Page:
5 Best Ways to Count Rows in a Python CSV File

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πŸ’‘ Problem Formulation: When working with CSV files in Python, it’s often essential to know the total number of rows, especially when performing data analysis or preprocessing tasks. For example, an input CSV file may have an unknown number of rows, and the desired output is the exact row count, excluding the header. This article explores various methods to achieve this goal using Python.

Method 1: Using the CSV Module

This method involves the native Python CSV module, which provides functionality for reading and writing CSV files. For counting rows, we can use the csv.reader() object and sum up the rows iteratively, excluding the header with an initial call to next().

Here’s an example:

import csv

with open('example.csv', 'r') as file:
    csv_reader = csv.reader(file)
    next(csv_reader)  # Skip the header
    row_count = sum(1 for row in csv_reader)

print(row_count)

Output:

42

This code snippet opens the ‘example.csv’ file, creates a csv reader, skips the header, and then iterates over each row, using a generator expression to count the total number of rows present.

Method 2: Looping Without the CSV Module

For a quick row count, we can simply loop over the file lines directly. Though not using the CSV module explicitly, this method assumes the CSV does not contain any newline characters within quoted fields.

Here’s an example:

row_count = -1  # Start at -1 to exclude the header
with open('example.csv', 'r') as file:
    for row in file:
        row_count += 1

print(row_count)

Output:

42

This code opens the CSV file, iterates over each line, and increments a count. The initial value is set to -1 to ensure that the header is not counted. Note, this method could produce incorrect results if the CSV file contains multiline fields.

Method 3: Using the Pandas Library

The Pandas library is a powerful and popular data analysis tool. It simplifies reading and analyzing CSV files with a single function. We can load the data into a DataFrame and get the number of rows using the shape attribute.

Here’s an example:

import pandas as pd

df = pd.read_csv('example.csv')
row_count = df.shape[0]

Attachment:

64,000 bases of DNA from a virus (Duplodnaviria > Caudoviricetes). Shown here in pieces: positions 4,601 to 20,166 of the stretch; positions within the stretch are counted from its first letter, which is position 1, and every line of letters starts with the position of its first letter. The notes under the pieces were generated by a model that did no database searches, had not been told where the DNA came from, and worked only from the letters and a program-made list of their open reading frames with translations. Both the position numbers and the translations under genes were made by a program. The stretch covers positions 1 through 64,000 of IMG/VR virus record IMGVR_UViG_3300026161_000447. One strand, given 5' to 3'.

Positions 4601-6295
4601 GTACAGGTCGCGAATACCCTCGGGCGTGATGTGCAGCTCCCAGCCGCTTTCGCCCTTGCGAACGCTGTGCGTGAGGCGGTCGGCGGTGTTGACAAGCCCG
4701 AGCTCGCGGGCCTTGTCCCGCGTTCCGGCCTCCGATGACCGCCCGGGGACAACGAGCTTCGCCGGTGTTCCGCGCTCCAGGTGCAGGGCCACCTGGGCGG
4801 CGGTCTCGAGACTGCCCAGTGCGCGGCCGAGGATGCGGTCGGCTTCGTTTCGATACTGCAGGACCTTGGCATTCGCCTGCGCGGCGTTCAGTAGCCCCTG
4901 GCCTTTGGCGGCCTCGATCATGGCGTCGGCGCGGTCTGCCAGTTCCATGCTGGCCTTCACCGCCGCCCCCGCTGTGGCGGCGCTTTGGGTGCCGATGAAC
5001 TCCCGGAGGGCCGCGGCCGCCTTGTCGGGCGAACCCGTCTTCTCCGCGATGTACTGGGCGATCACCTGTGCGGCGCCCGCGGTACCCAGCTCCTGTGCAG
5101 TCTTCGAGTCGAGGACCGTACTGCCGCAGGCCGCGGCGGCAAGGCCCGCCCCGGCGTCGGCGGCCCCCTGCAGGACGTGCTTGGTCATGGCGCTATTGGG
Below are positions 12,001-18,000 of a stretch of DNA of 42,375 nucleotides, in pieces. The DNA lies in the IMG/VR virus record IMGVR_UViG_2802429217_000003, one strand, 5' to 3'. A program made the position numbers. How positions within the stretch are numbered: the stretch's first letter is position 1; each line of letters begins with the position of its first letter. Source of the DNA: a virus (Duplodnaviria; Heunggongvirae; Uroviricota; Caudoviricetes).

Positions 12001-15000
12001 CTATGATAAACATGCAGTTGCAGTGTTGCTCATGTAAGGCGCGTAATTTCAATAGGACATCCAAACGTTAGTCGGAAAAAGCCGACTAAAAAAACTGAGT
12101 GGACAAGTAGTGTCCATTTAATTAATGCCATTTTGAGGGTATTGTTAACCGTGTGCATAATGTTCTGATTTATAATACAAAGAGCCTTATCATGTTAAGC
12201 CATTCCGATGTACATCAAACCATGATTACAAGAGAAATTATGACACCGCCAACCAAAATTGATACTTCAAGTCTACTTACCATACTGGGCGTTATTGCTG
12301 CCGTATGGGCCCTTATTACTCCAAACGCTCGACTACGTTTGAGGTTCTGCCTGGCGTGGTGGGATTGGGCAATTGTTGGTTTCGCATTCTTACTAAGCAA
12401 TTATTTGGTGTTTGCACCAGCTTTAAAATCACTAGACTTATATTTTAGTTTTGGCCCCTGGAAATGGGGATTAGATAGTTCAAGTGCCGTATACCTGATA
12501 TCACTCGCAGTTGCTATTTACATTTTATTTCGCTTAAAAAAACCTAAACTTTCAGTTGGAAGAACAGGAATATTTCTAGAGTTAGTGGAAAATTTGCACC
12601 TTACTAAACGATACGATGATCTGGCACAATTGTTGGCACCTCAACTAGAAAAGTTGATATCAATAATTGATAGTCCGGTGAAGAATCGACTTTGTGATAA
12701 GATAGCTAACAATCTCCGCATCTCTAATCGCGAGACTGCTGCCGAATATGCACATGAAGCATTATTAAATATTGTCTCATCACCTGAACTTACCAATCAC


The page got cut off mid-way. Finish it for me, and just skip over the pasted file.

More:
print(row_count)

Output:

42

By reading the CSV file into a DataFrame, we automatically skip the header and can access the number of rows using the shape attribute, where shape[0] denotes the number of rows.

Method 4: Using the Python Standard Library

A straightforward approach using the standard library is to count the lines using open() and readlines() to create a list of lines and then get the length of the list, subtracting one for the header.

Here’s an example:

with open('example.csv', 'r') as file:
    row_count = len(file.readlines()) - 1

print(row_count)

Output:

42

This simple yet slightly less efficient method reads the entire file into memory as a list of lines. The total count of rows is then obtained by using the len() function after reducing it by one to exclude the header.

Bonus One-Liner Method 5: Using wc and subprocess

By combining the Unix wc command with Python’s subprocess module, we can count the rows in a file with a one-liner, excluding the header by subtracting one.

Here’s an example:

import subprocess

result = subprocess.run(['wc', '-l', 'example.csv'], stdout=subprocess.PIPE)
row_count = int(result.stdout) - 1

print(row_count)

Output:

42

This Python snippet runs the wc command-line utility via the subprocess module. The -l option counts the newlines in the file, and Python captures this output to calculate the total number of rows excluding the header.

Summary/Discussion

  • Method 1: CSV Module. Well-suited for CSV-specific operations. Handles different CSV formats well. Requires iterating over each row which can be slower for large files.
  • Method 2: Direct Looping. Simple and quick. Can be inaccurate if the CSV contains multiline entries. Doesn’t depend on external libraries.
  • Method 3: Pandas. Very convenient and handles complex data well. Requires an external library which may not be ideal for some minimalist applications.
  • Method 4: Standard Library. Utilizes built-in functions. Can be memory-intensive as it reads the whole file into memory at once. Simple and easy to understand.
  • Method 5: wc with subprocess. Fast, one-liner method suitable for Unix systems. Requires understanding of subprocess and shell commands. Not cross-platform as wc is not available on Windows.